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Aldabra Tortoise

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BREC's Baton Rouge Zoo - The #1 Family Year-Round Attraction in Baton Rouge! Aldabra Tortoise. A Close Second The Aldabra tortoise is second only to the Galapagos tortoise as the biggest land tortoise in the world.

Aldabra Tortoise

Aldabra tortoises can weigh more than 500 pounds, with a shell more than five feet long. Now that's big! Body Armor Males are larger than females, but all Aldabra tortoises share the same basic appearance. What's for Dinner? Despite their appearance, Aldabra tortoises are not fearsome predators. While plants are their favorite type of food, Aldabra tortoises also eat the dead, decaying flesh of crabs and other tortoises. Abracadabra -- Baby Aldabras! February to May is the breeding season for Aldabra tortoises. The female lays between four and 14 eggs (each about two inches in diameter). Between three and six months after they're laid, the eggs hatch. Cooling Off These tortoises are active during the day.

Changing Fortunes. Aldabra tortoise - Philadelphia Zoo. Aldabra Tortoise. The Aldabra is the second largest species of tortoise, being only slightly smaller than the tortoise found on the Galapagos Islands, and comprises the world’s largest population of giant tortoises.

Aldabra Tortoise

STATUS: Thanks to renowned naturalist Charles Darwin, who successfully petitioned for the protection of these shy, slow-moving creatures, the Aldabra tortoise still survives in its Indian Ocean home. However, the species is listed as Vulnerable by the International Union for Conservation of Nature (IUCN) because its small home islands are at risk of natural disasters and human development. HABITAT: The Aldabra tortoises’ home territory is on the Aldabra Atoll (a group of coral islands surrounding a lagoon) in the Seychelles Islands of the Indian Ocean. There are several different habitats for the tortoises on the Atoll, including mangrove swamps, scrub and coastal dunes. The largest numbers of tortoises, however, are found in the islands’ grasslands. Living Tractors. Aldabra Tortoise. Animals Reptiles & Amphibians Aldabrachelys gigantea The Aldabra tortoise is the second largest land tortoise in the world, the largest being the Galapagos tortoise.

Aldabra Tortoise

Aldabra tortoises were hunted to near extinction, but significant conservation efforts in the Seychelles have led to a dramatic increase in their population, upping their status from endangered to vulnerable. Depending on the season, these tortoises may be tucked indoors for the winter or grazing in their yard if it is warm. Reptile, Testudines (turtles and tortoises) Seychelles (Aldabra Atoll); introduced to Mauritius Vulnerable Herbivore, but occaisonally scavenges on carrion. Up to 70+ years, record is 152 years Solitary; small groups or herds. Atlanta Zoo. Sea World. Smithsonian Institute. Aldabra Tortoise Taxonomy Order: Chelonia Family: Testudinidae Genus/species: Geochelone gigantea Description These are one of the largest land tortoises although the Galapagos tortoise may be larger.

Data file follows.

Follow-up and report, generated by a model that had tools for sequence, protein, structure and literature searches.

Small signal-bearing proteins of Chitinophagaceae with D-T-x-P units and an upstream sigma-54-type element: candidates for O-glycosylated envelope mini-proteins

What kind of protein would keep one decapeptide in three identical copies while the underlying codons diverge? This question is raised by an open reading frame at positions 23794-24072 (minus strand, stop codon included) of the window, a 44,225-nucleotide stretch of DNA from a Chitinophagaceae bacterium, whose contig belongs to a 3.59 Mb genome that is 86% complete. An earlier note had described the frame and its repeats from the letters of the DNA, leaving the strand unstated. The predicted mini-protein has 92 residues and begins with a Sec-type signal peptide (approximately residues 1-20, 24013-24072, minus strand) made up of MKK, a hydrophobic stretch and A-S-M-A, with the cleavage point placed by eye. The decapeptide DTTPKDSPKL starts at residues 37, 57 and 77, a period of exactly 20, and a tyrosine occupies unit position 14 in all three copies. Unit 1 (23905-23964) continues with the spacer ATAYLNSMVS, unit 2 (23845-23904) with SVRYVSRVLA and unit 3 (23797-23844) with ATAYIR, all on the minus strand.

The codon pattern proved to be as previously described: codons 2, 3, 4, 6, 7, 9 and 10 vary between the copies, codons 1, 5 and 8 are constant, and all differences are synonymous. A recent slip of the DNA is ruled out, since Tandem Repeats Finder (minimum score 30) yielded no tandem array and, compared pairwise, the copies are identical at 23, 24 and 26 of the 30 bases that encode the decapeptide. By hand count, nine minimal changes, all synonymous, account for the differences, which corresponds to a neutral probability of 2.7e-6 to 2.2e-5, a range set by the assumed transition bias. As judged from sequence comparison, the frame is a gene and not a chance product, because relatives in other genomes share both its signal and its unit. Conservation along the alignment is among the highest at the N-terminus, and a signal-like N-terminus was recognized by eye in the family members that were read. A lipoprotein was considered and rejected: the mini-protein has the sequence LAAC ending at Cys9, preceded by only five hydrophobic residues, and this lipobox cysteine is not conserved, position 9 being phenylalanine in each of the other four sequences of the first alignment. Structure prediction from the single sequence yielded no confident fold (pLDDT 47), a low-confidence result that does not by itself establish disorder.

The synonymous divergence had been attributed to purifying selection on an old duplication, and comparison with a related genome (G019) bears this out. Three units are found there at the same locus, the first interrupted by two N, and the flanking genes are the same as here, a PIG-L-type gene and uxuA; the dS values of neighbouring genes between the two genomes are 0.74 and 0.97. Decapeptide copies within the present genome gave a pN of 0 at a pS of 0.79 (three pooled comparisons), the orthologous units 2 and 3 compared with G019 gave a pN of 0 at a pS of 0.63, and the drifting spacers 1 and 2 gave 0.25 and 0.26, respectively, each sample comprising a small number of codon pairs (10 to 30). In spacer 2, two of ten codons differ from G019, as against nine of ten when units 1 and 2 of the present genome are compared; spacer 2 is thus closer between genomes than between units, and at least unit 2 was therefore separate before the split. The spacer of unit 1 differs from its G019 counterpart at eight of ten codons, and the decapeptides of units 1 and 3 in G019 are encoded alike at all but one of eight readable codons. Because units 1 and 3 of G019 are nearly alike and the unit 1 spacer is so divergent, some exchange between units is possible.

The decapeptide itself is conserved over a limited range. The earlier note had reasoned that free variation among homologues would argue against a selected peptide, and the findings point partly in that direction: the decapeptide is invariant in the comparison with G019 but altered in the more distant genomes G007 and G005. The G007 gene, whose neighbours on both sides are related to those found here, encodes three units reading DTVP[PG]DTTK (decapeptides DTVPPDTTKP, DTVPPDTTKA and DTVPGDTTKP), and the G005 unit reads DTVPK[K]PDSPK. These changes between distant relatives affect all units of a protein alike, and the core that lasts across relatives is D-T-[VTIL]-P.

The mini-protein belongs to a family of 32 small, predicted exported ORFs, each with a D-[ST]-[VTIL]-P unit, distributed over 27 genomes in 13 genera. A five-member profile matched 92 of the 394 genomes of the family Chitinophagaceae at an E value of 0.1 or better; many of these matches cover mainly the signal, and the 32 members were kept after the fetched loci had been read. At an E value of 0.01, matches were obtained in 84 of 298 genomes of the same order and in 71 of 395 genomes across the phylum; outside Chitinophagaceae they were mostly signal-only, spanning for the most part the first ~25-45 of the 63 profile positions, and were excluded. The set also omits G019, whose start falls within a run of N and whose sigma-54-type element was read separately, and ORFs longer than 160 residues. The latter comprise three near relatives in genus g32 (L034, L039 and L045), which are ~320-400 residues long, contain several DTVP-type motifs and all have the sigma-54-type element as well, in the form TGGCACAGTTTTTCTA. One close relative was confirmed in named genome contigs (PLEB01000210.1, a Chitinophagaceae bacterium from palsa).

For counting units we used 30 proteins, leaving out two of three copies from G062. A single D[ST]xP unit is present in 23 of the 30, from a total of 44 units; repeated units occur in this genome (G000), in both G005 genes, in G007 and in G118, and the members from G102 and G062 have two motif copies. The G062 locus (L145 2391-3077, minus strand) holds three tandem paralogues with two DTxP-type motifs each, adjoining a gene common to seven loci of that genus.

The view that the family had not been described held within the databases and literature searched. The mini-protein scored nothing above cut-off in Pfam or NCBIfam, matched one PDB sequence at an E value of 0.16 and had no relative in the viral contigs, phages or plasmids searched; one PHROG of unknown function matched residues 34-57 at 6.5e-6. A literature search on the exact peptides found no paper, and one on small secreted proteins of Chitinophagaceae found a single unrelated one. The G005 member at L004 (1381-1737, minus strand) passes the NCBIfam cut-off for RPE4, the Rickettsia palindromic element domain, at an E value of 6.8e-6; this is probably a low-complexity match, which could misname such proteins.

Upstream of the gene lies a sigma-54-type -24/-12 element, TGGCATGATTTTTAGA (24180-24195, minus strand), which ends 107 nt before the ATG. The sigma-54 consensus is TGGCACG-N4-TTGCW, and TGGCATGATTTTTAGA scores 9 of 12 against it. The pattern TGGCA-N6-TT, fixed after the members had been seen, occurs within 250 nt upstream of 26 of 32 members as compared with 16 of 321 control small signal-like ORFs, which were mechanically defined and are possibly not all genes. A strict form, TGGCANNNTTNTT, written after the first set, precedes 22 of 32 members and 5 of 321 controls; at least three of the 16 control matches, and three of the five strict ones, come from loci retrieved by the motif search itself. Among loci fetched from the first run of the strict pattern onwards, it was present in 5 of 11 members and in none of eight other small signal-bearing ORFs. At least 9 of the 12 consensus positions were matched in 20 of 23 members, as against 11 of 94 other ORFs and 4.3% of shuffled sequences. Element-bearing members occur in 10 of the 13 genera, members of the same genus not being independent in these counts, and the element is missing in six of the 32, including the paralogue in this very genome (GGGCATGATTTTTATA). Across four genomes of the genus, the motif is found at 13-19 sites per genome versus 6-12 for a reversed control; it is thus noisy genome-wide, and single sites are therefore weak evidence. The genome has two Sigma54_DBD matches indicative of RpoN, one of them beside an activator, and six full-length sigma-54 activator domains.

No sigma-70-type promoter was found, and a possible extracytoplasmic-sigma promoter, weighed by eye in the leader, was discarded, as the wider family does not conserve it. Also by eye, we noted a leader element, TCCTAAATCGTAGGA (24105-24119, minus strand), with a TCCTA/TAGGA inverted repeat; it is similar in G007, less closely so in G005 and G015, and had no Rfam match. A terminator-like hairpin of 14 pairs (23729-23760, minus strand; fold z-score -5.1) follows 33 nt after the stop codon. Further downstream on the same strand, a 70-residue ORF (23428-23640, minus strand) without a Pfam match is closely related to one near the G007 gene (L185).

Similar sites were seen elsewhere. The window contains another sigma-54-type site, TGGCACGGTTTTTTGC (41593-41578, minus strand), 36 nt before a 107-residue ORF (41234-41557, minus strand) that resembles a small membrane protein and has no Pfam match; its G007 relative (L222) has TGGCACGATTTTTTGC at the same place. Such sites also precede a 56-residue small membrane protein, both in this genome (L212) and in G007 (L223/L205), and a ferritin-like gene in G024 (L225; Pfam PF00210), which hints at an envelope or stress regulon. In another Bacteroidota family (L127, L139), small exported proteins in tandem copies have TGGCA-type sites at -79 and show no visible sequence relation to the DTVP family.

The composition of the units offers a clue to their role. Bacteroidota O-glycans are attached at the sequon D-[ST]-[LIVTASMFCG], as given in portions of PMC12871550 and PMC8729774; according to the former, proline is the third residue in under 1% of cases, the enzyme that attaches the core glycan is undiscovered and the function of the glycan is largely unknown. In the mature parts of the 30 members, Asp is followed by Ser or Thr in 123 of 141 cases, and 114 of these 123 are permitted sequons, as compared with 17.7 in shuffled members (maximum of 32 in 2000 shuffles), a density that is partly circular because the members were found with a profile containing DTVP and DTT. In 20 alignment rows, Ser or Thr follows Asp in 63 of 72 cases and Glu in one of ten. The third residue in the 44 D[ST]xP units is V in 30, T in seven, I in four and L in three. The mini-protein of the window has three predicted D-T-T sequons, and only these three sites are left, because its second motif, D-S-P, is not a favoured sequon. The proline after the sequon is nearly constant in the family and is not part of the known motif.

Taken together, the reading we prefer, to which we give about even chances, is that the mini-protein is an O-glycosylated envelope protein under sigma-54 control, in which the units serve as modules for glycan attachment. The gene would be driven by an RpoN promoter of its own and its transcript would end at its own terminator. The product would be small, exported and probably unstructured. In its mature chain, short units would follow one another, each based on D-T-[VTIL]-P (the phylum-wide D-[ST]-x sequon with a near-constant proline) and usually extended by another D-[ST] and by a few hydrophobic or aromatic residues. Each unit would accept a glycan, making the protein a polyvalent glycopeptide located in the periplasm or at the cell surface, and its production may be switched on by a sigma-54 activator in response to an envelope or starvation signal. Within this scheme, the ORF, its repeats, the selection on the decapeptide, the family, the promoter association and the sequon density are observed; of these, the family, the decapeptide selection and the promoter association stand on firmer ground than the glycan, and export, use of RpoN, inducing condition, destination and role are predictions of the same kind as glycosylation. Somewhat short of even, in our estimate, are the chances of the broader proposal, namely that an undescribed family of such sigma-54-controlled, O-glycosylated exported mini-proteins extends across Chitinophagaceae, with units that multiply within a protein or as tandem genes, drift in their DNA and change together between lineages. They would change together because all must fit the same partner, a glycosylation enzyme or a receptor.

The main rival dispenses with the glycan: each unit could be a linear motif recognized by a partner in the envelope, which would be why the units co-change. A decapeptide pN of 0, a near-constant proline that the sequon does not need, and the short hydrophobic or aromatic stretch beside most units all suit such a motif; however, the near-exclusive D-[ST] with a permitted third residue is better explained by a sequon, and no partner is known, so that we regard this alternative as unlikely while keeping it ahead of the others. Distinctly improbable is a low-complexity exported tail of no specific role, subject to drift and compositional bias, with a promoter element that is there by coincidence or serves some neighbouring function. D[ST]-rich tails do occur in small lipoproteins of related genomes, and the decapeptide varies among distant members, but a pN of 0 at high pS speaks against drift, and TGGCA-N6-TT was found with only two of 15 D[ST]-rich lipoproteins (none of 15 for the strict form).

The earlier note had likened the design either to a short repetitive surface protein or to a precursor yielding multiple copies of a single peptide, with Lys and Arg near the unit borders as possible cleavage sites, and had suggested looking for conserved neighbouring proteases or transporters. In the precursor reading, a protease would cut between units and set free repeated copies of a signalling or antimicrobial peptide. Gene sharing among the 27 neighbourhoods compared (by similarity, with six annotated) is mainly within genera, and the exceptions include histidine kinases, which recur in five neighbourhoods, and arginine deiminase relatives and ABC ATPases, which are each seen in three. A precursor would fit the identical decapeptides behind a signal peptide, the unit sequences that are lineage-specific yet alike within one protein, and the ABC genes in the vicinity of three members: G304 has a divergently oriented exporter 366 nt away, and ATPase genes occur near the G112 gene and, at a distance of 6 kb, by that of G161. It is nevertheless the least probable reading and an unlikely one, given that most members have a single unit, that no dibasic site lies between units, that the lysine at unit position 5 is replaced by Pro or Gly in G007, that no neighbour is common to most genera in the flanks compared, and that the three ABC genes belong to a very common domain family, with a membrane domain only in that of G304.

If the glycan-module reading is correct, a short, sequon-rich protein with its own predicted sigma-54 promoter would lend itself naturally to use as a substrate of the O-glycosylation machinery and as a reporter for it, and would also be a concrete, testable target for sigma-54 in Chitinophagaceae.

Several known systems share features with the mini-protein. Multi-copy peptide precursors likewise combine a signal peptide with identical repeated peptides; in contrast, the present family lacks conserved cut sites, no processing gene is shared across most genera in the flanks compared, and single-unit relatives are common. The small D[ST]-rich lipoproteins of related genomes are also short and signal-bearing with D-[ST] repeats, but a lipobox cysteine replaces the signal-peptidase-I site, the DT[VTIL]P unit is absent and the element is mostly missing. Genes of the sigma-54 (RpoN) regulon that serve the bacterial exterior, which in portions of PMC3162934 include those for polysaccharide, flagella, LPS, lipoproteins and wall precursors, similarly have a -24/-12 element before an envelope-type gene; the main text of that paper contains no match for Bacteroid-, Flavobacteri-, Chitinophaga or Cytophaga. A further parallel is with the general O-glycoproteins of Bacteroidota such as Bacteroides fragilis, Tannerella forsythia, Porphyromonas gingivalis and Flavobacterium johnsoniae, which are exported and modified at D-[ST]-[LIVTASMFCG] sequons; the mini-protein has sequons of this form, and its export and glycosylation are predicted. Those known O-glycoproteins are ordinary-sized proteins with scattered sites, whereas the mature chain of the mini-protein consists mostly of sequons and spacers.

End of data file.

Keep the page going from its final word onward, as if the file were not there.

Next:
Smithsonian Institute

Large size may be due to the lack of predation and isolation over many thousands of years. The male’s carapace length may measure four feet (1.22 m) and they may weigh up to 550 pounds (250 kg). The female’s carapace may measure three feet (91 cm) and weigh 350 pounds (159 kg). Distribution and Habitat They are found on Aldabra Island, which is northeast of Madagascar in Indian Ocean. Aldabra Island is a coral atoll rimmed by jagged limestone and small beaches; it encloses a large mangrove-bordered lagoon. Diet in the Wild Aldabra tortoises are mainly grazers and browsers that feed on grasses and woody plants. Zoo Diet They are fed salad and hay six days per week in the winter months. Life Span They can reach ages of more than 100 years. Status They are listed on CITES Appendix II. Turtle & Tortoise. People and turtles Sometimes people build roads, homes, and hotels at the edges of lakes, rivers, and seas where turtles come to lay their eggs.

Turtle & Tortoise

This can really confuse turtles, and they may not lay eggs as a result; that, of course, means fewer baby turtles. Trash in the oceans, like fishing nets and lines and plastic bags, can entangle and kill sea turtles. Slow-moving tortoises are easily caught for food or as “pets.” Chinese people eat enormous quantities of turtles; more than 10 million turtles are exported to China and 180 million Chinese softshell turtles are farm raised each year for consumption in China. All over the world, habitats are being destroyed or polluted. Help is on the way So what’s being done?